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USPAE Overcomes Covid, History to Get DoD Eyes on Electronics Sector

WASHINGTON – Face-to-face meetings have been scarce in the past year, but historically even rarer have been sessions between US electronics industry leaders and their counterparts in the US Department of Defense.

That made the July meeting even more meaningful for the large assembly of representatives who made time for the annual US Partnership for Assured Electronics meeting in Washington.

Some 55 USPAE members met with 12 representatives from the Department of Defense, including the Defense Microelectronics Cross-Functional Team, Research and Engineering, Industrial Base Analysis and Sustainment, the Defense Logistics Agency, and Roger Smith and Craig Herndon of the DoD Executive Agent.

Attending members included owners, CEOs and engineers from PCB fabricators, EMS companies, distributors, materials providers, and academia.

The main objective for this first meeting was simple: to establish a dialogue in a way that hasn’t previously happened among government, industry and academia on how to strengthen US electronics manufacturing.

For many of those companies attending, it was the first time they came face-to-face with the DoD.

Future technologies were discussed but in a broad sense and were secondary to the bigger picture of how to compete on low-volume, high-mix (LVHM) products for aerospace and defense.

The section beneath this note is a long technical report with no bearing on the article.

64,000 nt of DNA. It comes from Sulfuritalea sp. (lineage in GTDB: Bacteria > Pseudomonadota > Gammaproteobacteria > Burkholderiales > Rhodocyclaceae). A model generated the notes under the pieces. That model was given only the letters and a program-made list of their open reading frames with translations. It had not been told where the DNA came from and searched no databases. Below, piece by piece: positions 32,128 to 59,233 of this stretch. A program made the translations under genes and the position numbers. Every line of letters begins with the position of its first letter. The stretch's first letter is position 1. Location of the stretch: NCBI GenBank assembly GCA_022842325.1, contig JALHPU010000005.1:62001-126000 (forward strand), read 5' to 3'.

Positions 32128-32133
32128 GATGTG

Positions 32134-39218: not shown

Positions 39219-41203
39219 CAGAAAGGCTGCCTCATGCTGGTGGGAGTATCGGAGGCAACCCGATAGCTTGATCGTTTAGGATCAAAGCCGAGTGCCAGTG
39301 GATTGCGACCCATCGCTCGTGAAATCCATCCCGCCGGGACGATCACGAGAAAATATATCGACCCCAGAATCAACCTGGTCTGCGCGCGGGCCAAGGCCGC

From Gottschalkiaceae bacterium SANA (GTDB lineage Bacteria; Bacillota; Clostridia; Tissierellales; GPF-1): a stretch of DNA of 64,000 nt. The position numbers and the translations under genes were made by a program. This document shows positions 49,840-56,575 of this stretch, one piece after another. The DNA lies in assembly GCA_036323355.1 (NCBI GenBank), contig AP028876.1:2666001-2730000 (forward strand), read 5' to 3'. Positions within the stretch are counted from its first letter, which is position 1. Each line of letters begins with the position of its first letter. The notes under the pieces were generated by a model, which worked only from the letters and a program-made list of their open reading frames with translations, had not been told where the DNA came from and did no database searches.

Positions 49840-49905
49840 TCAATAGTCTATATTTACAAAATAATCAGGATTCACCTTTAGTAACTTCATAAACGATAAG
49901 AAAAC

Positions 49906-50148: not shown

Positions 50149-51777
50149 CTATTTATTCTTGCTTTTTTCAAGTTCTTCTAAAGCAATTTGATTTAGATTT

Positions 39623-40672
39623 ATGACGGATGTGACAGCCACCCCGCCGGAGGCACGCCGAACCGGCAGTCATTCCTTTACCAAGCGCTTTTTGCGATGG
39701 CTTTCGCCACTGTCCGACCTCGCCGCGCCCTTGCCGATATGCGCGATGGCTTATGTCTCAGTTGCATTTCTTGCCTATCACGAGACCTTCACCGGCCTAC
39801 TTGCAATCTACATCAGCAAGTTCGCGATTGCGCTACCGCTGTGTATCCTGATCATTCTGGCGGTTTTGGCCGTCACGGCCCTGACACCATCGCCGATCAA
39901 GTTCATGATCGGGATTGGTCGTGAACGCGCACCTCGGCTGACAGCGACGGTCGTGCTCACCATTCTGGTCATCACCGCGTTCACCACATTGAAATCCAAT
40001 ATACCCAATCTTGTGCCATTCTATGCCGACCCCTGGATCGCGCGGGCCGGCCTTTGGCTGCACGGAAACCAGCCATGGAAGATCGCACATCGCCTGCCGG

The recent emphasis on the US microelectronics industry by the US government has not gone unnoticed. Witness the much-publicized commitment of $50 billion by the Biden administration to boost domestic semiconductor manufacturing. But made clear in the meeting was that the DoD and Congress need to pay attention to the entire electronics ecosystem, including design and assembly of PCBs. While $50 billion isn’t peanuts to semi companies, a single state-of-the-art wafer fab costs three times the entire value of the US bare board manufacturing industry. Even a fraction of that would be a game-changer for PCB suppliers. Follow-on meetings are being set to continue that discussion between USPAE members and key government agencies, which are described as keen on access to trusted and assured microelectronics, including PCBs and assemblies.

While dialogue between the DoD and industry has always occurred, typically it has been directed through the prime contractors. Those large OEMs, in turn, filtered information going up and down the supply chain.

Through these government-industry meetings, the DoD hears from lower-tier suppliers. In doing so, the agencies are exposed to potential supply-chain risks it otherwise might not be aware of, for instance, the inability to source certain critical materials onshore.

An update on legislative activities, provided by Chris Mitchell of IPC, centered mostly on high-level budget and section 224 of the 2021 National Defense Authorization Act (NDAA), which covers trusted supply chain and operational security standards, and expectations for the 2022 NDAA.

As events, macro and micro, emerge, Congress’s attention is easily diverted. The USPAE faces the ongoing challenge of keeping the leadership in Congress focused on the entire electronics ecosystem.

With that in mind, although USPAE has no face-to-face meetings planned at present, a couple upcoming events involving the defense supply chain and key DoD representatives include the Defense Manufacturing Conference in Phoenix (, and the Parts & Material Management Conference (formerly the Diminishing Manufacturing Sources and Materials Shortages) ( in Aurora, CO. Both meetings are in December. (MB)